Amster Rothstein and Ebenstein, LLP - Intellectual Property Law

The Dangers Of Hindsight Bias In The Context Of Obviousness

- November 23, 2012, Journal of Intellectual Property Law & Practice (2012) 7 (11): 779-781. doi: 10.1093/jiplp/jps139
Author(s): Charles R. Macedo, Michael J. Kasdan and Adil Ahsanuddin

Mintz v Dietz & Watson, Inc, No 2010-1341, 2012 US App LEXIS 10884 (Fed Cir, 30 May 2012), ‘Mintz II’


In Mintz, the US Court of Appeals for the Federal Circuit set forth protections against improper hindsight analysis in analysing whether a claimed invention is obvious.


Legal context

In performing an obviousness analysis, it can be difficult to view the prior art without using the inventor's own contribution as a hindsight roadmap. The US Court of Appeals for the Federal Circuit (‘Federal Circuit’) has tried to address this concern over the years in a variety of ways. Before KSR Int'l Co v Teleflex Inc, 550 US 398 (2007), the Federal Circuit used the so-called ‘teaching-suggestion-motivation’ (TSM) test, which has now been rejected in the USA. In KSR, the US Supreme Court called for a more flexible ‘common sense’ analysis, and left it to the lower courts to work out the details.

In Mintz, the Federal Circuit provided further clarification of KSR and the three steps to be taken to avoid improper hindsight analysis by:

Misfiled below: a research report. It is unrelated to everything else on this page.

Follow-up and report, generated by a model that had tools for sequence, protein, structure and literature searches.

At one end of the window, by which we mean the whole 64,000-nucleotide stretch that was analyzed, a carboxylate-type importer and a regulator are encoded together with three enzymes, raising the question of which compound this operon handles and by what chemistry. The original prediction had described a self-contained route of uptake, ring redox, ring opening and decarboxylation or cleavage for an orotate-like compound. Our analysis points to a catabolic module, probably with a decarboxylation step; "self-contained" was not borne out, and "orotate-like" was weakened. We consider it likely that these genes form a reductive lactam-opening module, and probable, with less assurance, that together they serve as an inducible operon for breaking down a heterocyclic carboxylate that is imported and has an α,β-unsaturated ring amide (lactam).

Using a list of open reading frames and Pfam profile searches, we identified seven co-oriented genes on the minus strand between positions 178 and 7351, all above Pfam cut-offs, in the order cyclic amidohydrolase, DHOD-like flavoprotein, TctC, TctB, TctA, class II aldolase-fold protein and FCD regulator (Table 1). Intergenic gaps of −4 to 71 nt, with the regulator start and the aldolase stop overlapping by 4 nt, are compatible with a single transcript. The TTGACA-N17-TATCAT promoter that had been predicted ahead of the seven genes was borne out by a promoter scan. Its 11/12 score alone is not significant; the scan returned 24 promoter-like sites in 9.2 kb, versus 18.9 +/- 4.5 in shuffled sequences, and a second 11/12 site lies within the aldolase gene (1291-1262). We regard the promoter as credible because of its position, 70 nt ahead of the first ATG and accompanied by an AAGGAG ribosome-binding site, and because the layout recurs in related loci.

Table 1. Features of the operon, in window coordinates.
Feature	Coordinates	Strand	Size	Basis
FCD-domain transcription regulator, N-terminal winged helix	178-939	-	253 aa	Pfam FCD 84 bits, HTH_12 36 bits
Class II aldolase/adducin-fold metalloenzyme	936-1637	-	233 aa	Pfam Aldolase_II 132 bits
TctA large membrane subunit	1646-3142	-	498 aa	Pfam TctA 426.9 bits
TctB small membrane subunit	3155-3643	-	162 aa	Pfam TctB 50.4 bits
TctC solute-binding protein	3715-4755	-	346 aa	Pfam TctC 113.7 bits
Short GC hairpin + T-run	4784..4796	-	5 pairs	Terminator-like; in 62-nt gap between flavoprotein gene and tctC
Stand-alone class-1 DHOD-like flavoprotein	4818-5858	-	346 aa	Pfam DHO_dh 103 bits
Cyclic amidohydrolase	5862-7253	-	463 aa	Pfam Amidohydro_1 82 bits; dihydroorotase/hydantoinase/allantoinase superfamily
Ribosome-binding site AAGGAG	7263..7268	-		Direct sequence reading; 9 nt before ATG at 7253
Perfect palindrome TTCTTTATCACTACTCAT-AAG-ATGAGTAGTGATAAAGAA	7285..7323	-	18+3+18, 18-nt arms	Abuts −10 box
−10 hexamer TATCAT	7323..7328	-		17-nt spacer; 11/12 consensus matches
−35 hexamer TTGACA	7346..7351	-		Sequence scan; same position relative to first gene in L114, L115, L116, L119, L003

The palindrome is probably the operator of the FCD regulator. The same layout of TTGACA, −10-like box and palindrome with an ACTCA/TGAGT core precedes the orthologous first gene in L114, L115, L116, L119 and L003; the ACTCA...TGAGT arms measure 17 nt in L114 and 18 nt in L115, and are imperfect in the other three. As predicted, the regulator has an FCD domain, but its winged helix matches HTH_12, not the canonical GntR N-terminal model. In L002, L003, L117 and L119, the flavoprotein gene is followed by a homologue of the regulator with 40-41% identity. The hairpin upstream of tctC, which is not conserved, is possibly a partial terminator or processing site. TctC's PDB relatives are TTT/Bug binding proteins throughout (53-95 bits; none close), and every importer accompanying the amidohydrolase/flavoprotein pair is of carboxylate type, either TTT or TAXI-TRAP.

1. requiring that ‘common sense’ be articulated;
  2. avoiding the use of the patent itself in defining the problem the invention solves; and
  3. emphasizing the need to analyse the objective indicia of non-obviousness.



Marcus and Neil Mintz invented a casing structure for meat products that permitted meat to bulge between netting strands while avoiding the more complex stuffing process associated with prior knitted meat encasements. The Mintzes filed a patent application on 6 January 1994, which issued as US Patent No 5,413,148 (‘the '148 patent’). The '148 specification described prior art meat encasements, which used a netting that allowed meat to bulge between the netting strands and produce a desirable grid-like pattern on the meat's surface. However, in the prior art meat encasements, the meat would bulge and cook around the netting strands, causing difficulty in peeling the netting off the cooked meat. The prior art tried to solve this problem by using a separate layer of collagen film, or stockinette, underneath the netting. This solution, however, required a two-step stuffing process that was labour intensive and expensive.